Stock market bull run unlikely to persist for long
Unveiling of the Monetary Policy 2015-16 resulted in a massive bull run in the country’s only secondary market, causing the Nepal Stock Exchange (Nepse) index to surge by 42.15 points or 4.38 per cent week-on-week to close at nearly a one-year high of 1,003.38 points.
“Nepse index rally may continue in the coming week but it is unlikely the bull run will sustain in long run,” said Rabindra Bhattarai, a stock market analyst.
Echoing concerns raised by bankers, he further explained that though increasing the capital base of the banks and financial institutions (BFIs) as provisioned in the monetary policy is good for sound financial health of the BFIs, the given time period of two years is insufficient to implement the new rule.
Bhattarai added that dividend per share will decrease in the coming days and it is not possible to meet the criteria set by the central bank within the stipulated time even if BFIs opt for merger.
While the stock market remained closed until Tuesday, the benchmark index opened for trading at 961.23 points on Wednesday. Nepse ended the first trading day of the new fiscal year on a positive note — adding 2.04 points. Following the launch of the monetary policy on Thursday, the local bourse was on an upward trajectory, as stock investors scrambled to grab stocks of commercial banks, development banks and finance companies.
Consequently, Nepse ascended by 40.11 points in the last trading day of the week to breach the four-digit mark after almost a year. Nepse had been unable to land above the psychological level of 1,000 points after August 19 last year, when it had closed at 1,013.62 points.
In total, 1.92 million units of shares of 163 companies worth Rs 932.40 million were traded during the trading week through 5,912 transactions. The traded amount was 29.54 per cent less than the preceding week when 3.49 million scrips of 172 listed firms worth Rs 1.32 billion changed hands through 7,443 deals. However, it is to be noted that the market was open for only two days this week, against the normal five days in the previous week.
The sensitive index ascended by 9.57 points to 214.24 points. Similarly, the float index also rose by 3.46 points to 71.93 points during the review period.
Apart from hydropower and others, all the subgroups recorded gains in the week.
Banking and insurance were almost neck-and-neck in terms of points gained. Insurance surged by 62.98 points to close at 4,217.17 points, as share value of firms like Nepal Life Insurance went up by Rs 72 to Rs 2,958 and of National Life Insurance by Rs 50 to Rs 1,890.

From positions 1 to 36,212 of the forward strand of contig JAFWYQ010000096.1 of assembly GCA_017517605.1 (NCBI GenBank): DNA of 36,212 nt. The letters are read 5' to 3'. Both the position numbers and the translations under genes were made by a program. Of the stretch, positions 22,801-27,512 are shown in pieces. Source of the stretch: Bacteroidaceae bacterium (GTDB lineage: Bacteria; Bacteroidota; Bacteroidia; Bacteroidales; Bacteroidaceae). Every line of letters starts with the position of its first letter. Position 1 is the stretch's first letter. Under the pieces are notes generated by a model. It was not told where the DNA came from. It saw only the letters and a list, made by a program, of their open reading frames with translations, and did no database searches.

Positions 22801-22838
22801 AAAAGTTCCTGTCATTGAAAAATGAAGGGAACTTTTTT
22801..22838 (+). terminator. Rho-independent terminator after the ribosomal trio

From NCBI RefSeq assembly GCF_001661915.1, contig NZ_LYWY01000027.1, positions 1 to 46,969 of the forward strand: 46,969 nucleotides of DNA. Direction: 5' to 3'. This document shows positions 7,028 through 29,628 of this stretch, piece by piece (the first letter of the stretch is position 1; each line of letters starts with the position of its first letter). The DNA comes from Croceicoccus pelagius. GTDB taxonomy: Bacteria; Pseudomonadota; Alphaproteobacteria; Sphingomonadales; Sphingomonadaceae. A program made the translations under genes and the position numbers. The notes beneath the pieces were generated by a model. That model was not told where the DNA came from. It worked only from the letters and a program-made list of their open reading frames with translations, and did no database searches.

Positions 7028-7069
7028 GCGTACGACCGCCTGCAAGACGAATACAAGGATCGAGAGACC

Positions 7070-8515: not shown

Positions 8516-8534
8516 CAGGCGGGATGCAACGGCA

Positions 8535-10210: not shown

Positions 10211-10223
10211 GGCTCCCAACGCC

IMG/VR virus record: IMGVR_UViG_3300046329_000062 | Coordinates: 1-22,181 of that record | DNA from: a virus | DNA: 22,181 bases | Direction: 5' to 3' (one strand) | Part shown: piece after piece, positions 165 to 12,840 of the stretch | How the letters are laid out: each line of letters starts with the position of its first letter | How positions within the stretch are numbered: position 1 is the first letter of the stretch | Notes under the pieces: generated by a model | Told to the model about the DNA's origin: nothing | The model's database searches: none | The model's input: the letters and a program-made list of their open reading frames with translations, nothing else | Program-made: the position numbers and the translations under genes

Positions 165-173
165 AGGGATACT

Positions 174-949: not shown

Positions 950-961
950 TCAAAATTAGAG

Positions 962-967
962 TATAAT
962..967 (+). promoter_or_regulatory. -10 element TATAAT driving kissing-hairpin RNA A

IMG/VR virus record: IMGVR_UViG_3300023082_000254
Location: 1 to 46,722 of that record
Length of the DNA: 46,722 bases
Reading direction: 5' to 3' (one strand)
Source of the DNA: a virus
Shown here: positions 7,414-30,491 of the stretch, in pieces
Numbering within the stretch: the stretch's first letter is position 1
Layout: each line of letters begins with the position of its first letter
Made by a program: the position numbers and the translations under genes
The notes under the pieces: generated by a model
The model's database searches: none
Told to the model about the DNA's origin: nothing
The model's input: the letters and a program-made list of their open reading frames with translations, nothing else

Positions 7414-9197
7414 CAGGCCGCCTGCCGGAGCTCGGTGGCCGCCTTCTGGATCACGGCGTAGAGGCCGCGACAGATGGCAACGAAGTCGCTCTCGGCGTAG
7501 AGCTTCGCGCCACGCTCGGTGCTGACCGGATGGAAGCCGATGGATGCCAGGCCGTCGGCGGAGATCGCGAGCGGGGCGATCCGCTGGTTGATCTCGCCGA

Trailing close behind, banking climbed an impressive 61.67 points to 893.02 points. Everest Bank’s scrips gained Rs 208 to Rs 2,328 and Citizens Bank added Rs 41 to Rs 530, among others. Development banks ascended by 54.68 points to 863.72 points. Nagbeli’s scrips rose by Rs 152 to Rs 2,152 and of Chhimek by Rs 102 to Rs 1,500.
Soaltee hotel’s share value closed at Rs 441, up Rs 16 and Taragaon added five rupees to end at Rs 257. This helped hotels subgroup rise by 42.59 points to 1,923.51 points.
The growth of manufacturing subgroup was muted compared to the previous week’s impressive gain of 82.2 points, as it added only 12.57 points to close at 1,685.45. This was mostly on the back of Himalayan Distillery’s share price going up by Rs 54 to Rs 738.
Adding to the previous week’s gain of 3.79 points, finance rose by 10.18 points to 530.48 points. Meanwhile, trading inched up 0.49 points to 202.39 points.
On the other hand, hydropower retreated by 39.43 points to land at 2,206.68 points. Even as Sanima Mai’s share value went up by nine rupees to Rs 709, the gain was offset by Chilime’s scrips losing Rs 50 to close at Rs 1,638 and Butwal Power Co’s dipping by Rs 11 to Rs 606.
Similarly, Nepal Telecom’s shares dropped to Rs 620 (Rs 16 less compared to previous week’s close), which in turn dragged down the others subgroup by 18.79 points to 728.4 points.
National Life Insurance came on top in terms of turnover with Rs 57.56 million. Nabil Balanced Fund-I claimed the top spot with regard to number of shares traded with 200,000 of its scrips changing hands. Meanwhile, Citizens Bank recorded the highest number of transactions — 335.